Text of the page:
I personally am so thankful for the many quiet influencers in my life and work. They are many and they are “just a little lower than the angels” (Psalm 8:5).

Thanks to Jones, I am feeling the need to capture some of their stories…so hopefully you’ll read about them here. How about you? Please comment about your quiet influencers in the Comments below. It’s a good start.Photo Credit: Facebook, Julie McGowan

3) Primary Physicians – You know you’re getting some age on when your doctor retires…especially when he is not so old, or so it seems.

Not everyone in the world has the privilege of having a family doctor. One who both cares for you and possibly your own adult children.

For over 10 years, we have had Dr. Bill Harrington as our primary physician. He’s been with us through all sorts of life transitions…as well as quite a few medical scares. I won’t go into the details here, but a physician who can get a hunch and follow it through – to discover cancer or a potentially life-threatening cardiac malfunction – is a tremendous asset. That is the kind of person Dr. Harrington has been to us. Wise, funny, thoughtful, and intuitive. We will miss him.

I’m counting on him still writing the poetry we have gotten to read – which he began writing just a short time ago. Definitely models for his patients how good life can be around every corner. Retirement blessings, Dr. H. Well-done!

4) Habits of Purpose – I’ve written about Justin Whitmel Earley. He is a very successful attorney who is now also a writer, speaker, and life coach.

Photo Credit: Joshua Straub

His book The Common Rule: Habits of Purpose for an Age of Distraction has become one of my favorites. Below you can find a graphic that gives his habits of purpose in brief (some are daily practiced and some are weekly).

Earley’s website has lots of free helps on it and now he has produced a video series (also free) to help us move our lives more toward purpose. I’m hoping to gather a group of friends to have weekly evenings of watching the short video and talking about how we might incorporate those ideas into our lives. Good stuff!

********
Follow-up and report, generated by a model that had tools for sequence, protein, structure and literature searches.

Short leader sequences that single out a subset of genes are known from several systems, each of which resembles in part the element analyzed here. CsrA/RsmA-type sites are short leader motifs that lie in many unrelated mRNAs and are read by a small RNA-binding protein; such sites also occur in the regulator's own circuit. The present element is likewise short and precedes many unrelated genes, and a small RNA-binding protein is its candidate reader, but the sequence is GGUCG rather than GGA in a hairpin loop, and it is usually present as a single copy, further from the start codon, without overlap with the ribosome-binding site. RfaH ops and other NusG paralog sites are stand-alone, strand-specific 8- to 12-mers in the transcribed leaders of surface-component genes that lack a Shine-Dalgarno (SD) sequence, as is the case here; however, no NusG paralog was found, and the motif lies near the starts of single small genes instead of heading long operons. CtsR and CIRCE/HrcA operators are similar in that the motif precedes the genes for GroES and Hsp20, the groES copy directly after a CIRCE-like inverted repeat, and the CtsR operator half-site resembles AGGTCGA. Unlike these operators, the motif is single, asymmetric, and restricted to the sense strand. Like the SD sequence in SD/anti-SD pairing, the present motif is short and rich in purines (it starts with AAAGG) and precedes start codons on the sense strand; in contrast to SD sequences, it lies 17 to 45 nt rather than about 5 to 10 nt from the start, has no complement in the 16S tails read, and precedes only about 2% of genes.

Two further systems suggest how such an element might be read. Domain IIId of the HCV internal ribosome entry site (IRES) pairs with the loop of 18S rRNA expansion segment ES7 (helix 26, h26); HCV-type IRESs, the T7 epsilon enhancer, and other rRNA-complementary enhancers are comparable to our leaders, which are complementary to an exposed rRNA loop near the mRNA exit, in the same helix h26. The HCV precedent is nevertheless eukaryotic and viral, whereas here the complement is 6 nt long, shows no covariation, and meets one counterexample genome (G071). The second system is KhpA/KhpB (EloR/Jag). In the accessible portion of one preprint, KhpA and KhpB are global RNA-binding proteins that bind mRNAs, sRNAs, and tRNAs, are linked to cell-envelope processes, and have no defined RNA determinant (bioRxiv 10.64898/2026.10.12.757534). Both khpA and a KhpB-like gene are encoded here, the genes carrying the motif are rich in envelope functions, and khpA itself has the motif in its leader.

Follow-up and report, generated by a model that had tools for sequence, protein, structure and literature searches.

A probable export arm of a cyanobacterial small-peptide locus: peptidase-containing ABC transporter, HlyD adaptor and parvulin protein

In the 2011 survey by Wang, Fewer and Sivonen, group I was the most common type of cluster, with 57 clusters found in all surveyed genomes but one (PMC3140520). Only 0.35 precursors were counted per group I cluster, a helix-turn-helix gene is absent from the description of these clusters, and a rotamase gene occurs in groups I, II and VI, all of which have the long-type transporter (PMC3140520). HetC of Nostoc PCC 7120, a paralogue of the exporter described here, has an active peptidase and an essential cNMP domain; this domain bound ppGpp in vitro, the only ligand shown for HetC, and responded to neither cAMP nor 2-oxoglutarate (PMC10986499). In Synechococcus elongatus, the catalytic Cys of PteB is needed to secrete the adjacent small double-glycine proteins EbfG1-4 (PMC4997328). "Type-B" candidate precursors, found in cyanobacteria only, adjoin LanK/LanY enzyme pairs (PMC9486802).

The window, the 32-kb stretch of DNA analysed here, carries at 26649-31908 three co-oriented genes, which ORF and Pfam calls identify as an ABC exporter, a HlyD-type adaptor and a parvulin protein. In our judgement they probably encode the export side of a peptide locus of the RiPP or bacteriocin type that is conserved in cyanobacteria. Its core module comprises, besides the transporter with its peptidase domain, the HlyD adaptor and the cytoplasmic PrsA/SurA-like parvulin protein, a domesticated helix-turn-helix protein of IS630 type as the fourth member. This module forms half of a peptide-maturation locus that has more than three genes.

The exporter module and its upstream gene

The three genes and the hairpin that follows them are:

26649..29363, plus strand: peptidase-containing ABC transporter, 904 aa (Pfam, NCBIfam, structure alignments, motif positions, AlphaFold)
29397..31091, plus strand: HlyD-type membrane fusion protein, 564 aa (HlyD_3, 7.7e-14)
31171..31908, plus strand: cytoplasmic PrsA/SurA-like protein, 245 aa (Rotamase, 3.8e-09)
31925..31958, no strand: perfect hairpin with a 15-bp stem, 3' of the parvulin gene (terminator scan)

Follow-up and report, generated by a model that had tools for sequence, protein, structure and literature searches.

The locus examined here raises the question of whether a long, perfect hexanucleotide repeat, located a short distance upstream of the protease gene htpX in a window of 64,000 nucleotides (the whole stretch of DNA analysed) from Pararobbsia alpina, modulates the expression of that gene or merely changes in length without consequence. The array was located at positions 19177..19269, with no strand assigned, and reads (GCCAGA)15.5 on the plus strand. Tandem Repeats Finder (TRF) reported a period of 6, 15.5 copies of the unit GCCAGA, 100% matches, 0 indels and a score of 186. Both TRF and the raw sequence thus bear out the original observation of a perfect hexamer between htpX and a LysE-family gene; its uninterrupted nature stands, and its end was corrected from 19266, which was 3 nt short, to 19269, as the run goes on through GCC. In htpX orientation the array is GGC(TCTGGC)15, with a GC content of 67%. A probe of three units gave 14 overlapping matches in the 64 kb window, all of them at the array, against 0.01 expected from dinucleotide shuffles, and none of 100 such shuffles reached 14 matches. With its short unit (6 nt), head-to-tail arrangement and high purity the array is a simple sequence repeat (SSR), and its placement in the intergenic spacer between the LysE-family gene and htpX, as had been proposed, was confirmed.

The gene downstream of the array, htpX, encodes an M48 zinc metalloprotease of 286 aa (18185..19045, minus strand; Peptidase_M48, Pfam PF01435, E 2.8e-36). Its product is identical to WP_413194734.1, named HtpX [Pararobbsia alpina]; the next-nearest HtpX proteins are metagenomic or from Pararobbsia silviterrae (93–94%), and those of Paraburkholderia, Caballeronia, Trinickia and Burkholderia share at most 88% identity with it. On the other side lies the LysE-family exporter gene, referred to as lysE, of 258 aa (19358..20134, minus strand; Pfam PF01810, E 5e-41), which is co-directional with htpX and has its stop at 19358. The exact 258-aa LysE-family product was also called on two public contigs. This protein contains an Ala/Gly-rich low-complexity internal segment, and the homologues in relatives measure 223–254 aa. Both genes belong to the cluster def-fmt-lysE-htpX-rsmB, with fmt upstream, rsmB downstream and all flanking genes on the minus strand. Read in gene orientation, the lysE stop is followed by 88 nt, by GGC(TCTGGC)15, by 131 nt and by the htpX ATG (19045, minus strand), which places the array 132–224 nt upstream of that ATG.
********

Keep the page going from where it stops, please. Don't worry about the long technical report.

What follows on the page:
The Common Rule – Book Review – Darryl Dash

5) Museums for All – We have a family membership to Lewis Ginter Botanical Garden. Photo Credit: Visit Richmond Va

My daughter, grandchildren, and I visited the garden earlier today. It was a marvel, as always!

As we were leaving, I commented what a privilege it was to be able to afford a membership to such a beautiful place. It was then my daughter told me about the Museums for All program.

It flows out of an initiative of the Institute of Museum and Library Services (IMLS) based in Washington, D.C. For anyone who has an EBT card (for supplemental food assistance), that person can buy and individual annual membership for a museum for $1 or a family membership for $5. That is an incredible benefit for those in our city who couldn’t afford a membership otherwise. So, yay for Museums for All!

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That’s it for this week. Although we still have days in the 90s, with the start of school and the small but clear changes in the environment around us, Fall is coming! I will leave you with a few images we all look forward to. Have a sweet weekend peopled with those you love.

Bonuses:

For you guitarists out there: Beyond the Guitar Academy

The Surprising Benefits of Talking to Strangers

On slavery in North America 400 years ago this August and slavery in the world today:

Photo Credit: Twitter, D. B. Harrison

The Atlantic Slave Trade in Two Minutes &

 

Photo Credit: Gzero Media

U.S. Surgeon General’s Advisory: Marijuana Use & the Developing Brain

Perfect dessert at a friend’s house after we shared lunch. Fruit in a bowl from North Africa:

Photo Credit: Amazing Things, Facebook